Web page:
Compte rendu de lectureBook Review

The Ecological Constitution: Reframing Environmental Law by Lynda Collins[Record]

  • Dayna Nadine Scott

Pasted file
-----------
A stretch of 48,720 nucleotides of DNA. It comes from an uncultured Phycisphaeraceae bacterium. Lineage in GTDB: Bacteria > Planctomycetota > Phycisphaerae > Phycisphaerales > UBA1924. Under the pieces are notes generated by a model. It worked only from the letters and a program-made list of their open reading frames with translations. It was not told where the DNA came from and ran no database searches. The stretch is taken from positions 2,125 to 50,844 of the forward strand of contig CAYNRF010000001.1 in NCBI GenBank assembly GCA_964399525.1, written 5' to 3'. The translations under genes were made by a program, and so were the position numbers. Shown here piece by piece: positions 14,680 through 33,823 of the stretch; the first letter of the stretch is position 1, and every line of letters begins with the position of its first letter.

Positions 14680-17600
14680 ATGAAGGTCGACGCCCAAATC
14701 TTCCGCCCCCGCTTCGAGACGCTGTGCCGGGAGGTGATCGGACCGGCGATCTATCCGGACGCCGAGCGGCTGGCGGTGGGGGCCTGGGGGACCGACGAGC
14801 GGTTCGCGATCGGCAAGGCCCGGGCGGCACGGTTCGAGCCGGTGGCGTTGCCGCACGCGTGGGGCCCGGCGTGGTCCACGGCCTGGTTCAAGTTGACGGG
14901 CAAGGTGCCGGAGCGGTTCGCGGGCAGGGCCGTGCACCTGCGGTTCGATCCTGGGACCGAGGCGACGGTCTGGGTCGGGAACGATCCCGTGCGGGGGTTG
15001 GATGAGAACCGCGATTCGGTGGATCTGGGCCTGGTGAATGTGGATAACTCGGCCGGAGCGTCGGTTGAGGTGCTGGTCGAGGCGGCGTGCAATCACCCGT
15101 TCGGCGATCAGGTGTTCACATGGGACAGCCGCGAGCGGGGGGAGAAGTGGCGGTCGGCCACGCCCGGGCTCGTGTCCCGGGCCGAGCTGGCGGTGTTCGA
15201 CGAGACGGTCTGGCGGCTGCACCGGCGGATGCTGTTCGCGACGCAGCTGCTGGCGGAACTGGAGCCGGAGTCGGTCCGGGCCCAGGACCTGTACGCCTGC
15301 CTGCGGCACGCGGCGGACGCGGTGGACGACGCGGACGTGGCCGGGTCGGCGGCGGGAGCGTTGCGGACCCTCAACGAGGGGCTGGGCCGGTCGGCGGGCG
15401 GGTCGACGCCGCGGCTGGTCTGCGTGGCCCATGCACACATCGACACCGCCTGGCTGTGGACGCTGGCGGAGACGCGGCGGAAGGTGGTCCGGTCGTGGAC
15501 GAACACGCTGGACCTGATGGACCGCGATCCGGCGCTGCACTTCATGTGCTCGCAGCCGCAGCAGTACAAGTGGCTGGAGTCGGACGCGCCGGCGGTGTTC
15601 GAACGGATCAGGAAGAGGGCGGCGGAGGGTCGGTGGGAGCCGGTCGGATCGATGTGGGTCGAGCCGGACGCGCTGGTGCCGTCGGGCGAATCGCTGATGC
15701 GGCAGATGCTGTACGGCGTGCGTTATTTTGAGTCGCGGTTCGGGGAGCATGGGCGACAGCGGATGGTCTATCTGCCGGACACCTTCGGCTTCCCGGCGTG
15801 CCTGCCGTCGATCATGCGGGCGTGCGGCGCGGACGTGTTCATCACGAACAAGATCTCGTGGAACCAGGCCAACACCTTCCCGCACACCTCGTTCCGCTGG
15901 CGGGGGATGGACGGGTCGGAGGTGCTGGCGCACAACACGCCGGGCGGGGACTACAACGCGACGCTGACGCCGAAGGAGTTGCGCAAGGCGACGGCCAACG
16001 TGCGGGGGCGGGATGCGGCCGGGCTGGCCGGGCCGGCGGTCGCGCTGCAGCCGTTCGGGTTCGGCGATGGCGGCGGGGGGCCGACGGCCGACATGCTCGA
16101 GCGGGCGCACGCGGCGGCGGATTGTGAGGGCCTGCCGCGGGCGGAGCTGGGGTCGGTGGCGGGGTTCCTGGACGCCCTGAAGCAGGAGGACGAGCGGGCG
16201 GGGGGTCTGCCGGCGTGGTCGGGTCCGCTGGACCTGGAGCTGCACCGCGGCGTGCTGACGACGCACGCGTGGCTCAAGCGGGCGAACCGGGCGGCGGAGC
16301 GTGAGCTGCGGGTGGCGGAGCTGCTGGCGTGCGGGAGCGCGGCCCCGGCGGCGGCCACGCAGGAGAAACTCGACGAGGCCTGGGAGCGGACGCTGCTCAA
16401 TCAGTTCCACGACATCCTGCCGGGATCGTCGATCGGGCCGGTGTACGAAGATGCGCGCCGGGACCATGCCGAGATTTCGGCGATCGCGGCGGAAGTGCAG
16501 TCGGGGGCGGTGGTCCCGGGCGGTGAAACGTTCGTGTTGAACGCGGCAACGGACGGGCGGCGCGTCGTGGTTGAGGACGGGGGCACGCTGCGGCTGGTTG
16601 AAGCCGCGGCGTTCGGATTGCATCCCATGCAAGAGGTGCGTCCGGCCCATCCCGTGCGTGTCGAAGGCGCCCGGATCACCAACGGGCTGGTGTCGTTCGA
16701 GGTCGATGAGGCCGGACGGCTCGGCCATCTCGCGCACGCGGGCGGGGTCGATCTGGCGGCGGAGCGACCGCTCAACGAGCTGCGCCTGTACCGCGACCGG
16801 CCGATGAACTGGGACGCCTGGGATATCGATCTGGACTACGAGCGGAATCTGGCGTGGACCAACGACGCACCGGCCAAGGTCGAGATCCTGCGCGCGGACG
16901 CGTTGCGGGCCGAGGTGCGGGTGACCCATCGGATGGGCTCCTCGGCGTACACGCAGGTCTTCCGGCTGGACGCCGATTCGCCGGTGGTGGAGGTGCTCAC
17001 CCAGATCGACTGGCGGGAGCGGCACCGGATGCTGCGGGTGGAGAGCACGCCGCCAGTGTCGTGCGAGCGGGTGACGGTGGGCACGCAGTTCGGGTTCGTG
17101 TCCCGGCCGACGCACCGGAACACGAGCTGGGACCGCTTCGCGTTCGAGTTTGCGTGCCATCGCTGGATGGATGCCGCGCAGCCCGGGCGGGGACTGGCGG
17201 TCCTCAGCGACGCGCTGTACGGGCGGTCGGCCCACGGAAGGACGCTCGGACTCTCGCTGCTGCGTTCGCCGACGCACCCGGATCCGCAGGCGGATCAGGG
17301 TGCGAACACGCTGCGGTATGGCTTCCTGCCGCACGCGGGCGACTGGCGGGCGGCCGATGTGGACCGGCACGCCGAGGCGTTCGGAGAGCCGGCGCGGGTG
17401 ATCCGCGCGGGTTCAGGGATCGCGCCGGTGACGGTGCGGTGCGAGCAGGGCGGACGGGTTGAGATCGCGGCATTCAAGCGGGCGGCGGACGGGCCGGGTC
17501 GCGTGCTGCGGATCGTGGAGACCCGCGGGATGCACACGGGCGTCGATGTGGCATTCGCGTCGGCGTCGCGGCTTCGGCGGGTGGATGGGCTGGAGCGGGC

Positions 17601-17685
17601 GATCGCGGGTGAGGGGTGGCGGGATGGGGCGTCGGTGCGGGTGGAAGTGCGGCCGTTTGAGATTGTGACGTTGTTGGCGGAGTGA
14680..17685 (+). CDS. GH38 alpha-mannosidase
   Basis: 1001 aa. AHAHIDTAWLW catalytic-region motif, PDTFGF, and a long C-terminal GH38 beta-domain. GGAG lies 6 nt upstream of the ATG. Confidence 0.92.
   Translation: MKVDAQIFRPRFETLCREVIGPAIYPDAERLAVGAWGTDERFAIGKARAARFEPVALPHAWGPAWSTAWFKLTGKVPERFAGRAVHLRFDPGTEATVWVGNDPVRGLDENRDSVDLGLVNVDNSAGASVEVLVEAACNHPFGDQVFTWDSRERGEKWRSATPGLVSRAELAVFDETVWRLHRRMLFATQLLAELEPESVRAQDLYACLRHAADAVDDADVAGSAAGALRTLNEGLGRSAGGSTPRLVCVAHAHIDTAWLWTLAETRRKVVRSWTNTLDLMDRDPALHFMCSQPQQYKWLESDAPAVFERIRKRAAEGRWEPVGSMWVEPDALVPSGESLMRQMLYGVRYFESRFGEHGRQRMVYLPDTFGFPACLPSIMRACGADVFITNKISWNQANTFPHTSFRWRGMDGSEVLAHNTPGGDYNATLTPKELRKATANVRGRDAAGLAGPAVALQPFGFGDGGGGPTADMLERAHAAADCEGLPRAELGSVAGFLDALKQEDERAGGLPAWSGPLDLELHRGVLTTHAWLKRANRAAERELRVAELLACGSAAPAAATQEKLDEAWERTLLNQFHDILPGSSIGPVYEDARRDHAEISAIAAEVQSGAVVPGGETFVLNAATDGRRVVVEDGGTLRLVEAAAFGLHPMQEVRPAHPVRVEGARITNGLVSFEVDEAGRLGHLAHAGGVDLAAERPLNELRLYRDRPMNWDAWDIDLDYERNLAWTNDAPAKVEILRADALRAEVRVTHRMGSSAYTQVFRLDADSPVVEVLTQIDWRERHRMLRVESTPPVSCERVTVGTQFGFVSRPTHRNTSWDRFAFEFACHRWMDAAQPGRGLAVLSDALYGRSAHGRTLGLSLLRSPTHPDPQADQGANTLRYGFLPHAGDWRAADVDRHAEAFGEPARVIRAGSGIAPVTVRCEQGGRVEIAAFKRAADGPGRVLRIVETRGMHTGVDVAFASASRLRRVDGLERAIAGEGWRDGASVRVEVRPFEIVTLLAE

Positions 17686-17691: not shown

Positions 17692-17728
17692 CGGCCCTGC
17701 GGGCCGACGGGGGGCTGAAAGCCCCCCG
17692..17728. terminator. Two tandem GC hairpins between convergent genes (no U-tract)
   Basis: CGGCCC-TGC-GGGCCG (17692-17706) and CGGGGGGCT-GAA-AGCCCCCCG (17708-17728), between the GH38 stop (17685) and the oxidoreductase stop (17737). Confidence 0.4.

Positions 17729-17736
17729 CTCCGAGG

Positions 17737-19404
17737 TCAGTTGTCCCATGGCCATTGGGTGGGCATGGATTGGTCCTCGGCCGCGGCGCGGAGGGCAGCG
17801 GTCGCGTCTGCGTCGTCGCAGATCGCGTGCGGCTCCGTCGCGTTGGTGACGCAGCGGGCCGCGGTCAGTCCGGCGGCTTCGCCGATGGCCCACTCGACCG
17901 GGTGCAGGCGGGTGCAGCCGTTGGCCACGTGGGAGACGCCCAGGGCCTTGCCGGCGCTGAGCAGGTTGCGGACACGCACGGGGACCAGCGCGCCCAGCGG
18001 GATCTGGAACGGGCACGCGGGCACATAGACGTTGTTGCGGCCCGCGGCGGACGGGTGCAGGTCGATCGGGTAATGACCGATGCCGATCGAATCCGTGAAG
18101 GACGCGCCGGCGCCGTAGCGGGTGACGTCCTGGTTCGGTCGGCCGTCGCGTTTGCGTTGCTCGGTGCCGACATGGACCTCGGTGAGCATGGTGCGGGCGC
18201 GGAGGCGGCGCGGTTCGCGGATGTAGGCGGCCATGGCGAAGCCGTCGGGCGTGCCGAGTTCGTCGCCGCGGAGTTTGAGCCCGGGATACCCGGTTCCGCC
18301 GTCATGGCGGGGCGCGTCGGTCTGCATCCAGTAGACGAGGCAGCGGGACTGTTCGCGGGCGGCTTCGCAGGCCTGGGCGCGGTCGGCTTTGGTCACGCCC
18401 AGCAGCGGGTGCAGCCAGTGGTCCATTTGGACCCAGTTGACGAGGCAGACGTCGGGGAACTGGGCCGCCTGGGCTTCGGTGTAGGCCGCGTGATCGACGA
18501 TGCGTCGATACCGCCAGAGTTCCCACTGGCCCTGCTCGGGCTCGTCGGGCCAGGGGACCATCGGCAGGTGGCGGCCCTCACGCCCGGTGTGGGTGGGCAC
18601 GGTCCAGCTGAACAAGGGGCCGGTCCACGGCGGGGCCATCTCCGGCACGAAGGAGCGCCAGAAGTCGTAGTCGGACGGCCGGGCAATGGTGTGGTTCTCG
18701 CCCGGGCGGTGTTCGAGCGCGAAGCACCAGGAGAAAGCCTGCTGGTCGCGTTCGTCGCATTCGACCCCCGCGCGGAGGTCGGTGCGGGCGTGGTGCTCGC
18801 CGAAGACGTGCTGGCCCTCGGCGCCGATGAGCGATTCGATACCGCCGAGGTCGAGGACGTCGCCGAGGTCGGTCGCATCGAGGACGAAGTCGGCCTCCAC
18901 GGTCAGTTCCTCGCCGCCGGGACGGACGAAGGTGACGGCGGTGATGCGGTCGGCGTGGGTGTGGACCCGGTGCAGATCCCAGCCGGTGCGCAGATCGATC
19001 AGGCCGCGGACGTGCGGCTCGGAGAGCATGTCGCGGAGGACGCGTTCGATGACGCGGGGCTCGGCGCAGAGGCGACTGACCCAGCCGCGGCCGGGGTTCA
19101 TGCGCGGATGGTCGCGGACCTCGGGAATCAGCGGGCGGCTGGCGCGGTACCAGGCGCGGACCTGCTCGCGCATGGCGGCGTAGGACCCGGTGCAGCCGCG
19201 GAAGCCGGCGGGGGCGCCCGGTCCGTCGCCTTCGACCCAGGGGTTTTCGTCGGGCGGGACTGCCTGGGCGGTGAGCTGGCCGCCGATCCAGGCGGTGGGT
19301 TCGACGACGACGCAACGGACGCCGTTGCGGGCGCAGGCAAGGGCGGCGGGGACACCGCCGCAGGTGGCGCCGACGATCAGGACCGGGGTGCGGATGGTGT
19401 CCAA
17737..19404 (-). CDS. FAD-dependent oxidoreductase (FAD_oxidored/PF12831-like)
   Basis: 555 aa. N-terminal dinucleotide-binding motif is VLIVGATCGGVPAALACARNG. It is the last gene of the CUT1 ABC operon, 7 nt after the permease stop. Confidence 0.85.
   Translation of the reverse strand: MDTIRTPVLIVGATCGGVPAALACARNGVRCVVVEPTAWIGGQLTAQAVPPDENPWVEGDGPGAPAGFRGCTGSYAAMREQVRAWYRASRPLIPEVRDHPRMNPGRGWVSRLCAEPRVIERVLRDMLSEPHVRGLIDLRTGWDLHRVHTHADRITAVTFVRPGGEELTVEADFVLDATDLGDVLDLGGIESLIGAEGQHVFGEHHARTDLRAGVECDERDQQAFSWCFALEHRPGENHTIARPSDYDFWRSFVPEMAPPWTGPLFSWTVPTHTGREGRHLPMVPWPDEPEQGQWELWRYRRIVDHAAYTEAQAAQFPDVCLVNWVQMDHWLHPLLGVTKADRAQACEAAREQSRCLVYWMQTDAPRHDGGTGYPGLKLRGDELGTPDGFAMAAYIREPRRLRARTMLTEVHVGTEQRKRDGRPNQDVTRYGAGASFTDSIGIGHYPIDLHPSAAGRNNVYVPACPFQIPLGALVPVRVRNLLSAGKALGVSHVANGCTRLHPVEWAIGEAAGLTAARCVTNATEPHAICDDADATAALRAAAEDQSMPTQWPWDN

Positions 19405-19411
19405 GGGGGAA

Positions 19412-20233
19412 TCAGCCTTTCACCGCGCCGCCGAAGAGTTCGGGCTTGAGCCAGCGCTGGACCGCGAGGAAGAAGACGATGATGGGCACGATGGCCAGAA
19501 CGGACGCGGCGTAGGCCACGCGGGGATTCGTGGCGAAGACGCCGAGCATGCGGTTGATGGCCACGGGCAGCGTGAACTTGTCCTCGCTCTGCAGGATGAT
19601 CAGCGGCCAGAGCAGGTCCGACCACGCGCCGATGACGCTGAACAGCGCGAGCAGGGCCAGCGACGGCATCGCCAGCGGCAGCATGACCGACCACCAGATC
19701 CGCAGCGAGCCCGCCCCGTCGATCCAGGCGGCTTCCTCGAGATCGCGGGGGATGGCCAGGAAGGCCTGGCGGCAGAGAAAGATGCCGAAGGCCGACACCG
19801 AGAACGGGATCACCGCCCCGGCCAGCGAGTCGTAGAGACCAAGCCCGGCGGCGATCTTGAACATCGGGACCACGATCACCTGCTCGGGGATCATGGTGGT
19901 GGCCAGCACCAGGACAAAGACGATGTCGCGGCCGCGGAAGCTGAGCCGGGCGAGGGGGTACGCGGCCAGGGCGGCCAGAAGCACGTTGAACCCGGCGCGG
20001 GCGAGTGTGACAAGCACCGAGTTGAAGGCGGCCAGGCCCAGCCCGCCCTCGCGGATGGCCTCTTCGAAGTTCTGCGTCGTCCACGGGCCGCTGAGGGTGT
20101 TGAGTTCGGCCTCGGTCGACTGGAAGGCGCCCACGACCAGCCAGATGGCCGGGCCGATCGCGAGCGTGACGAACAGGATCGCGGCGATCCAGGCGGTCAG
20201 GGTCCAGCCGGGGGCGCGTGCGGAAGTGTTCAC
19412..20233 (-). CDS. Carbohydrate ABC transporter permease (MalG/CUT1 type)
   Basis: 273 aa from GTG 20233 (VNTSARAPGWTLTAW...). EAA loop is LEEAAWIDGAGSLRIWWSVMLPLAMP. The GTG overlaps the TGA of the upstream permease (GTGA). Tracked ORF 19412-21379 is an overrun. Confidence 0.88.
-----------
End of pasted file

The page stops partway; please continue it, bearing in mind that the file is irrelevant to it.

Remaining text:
In The Ecological Constitution, Lynda Collins offers a concise and compelling case for a fundamental overhaul of the principles that underlie the Canadian Constitution. In fact, she sets out the necessary components of any constitution that could be considered “ecological” in nature — and therefore fit for guiding us through the Anthropocene era and beyond. The aim is to stimulate the transformation that will “align the highest form of domestic law with the non-negotiable laws of nature.” Professor Collins makes the case eloquently, dodging tempting theoretical distractions and outright refusing any moral ambivalence. The book should be celebrated not only for its clear vision, but also its view from above; its birds-eye, broad perspective. It is as if we, as readers, are perched on a high ridge surveying the legal landscape below, where the various new strands of thinking that are influencing environmental law — ecological law, rights of nature, and environmental rights — are seen as tributaries of a single river. Collins surveys the landscape from this high perch, asking: where do the strands converge and diverge? Which are dominant in which places, and why? Where and how do they gain or lose strength and force? Drawing insights from environmental constitutionalism and the amorphous field of “ecological law,” the book makes an elegant argument. An ecological constitution is one that codifies the following key principles: the principle of sustainability; intergenerational equity and the public trust doctrine; environmental human rights; rights of nature; the precautionary principle and non-regression; and climate protection through the recognition of planetary boundaries. The rationale for each of these six principles is presented as a generous, concise synthesis of current thinking; each chapter includes comparative examples from various national constitutions and a brief global survey of applicable caselaw. The analysis of the six principles feeds into Collins’ main argument that we must constitutionalize environmental rights. And to make it, she stays at the high level of perspective, re-assuring us that the details can be worked out down on the ground. We must constitutionalize, according to Collins, by whatever means necessary: by amendment, by judicial interpretation, by enactment — by any and all of these means. As a vision, it is both bold and pragmatic. The global perspective is a major strength of this work. It helps Collins to put emphasis on the point: our current constitutional arrangements are failing us. This is undeniably true. That constitutions should preserve the ecological foundations of society, is again ,  undeniably true. On these points the book makes a very compelling case; on the knottier dilemmas of what we should do to achieve the ecological constitution, or how we should constitutionalize, however, I come away from the book still puzzling over many of the same worries and questions that I had going into it. I am much better informed, and I am further convinced of the direction in which we must move, but I am still unsure about the exact route to take. In the best spirit of academic exchange, I unpack some of these worries here, aiming to contribute to the larger project I have in common with Professor Collins: achieving a radical transformation of environmental law. Collins begins by emphasizing that “the ecological inadequacy of environmental law is written in its DNA.” Environmental law is embedded in “unsustainable, ‘growth-insistent’ economic systems that undermine its potential at every turn.” It is anthropocentric, fragmented, “aimed at facilitating the exploitation of commodified natural resources, rather than preserving the stability and resilience of natural systems.” As an example, Collins says that an ecological legal order would “regulate ecological …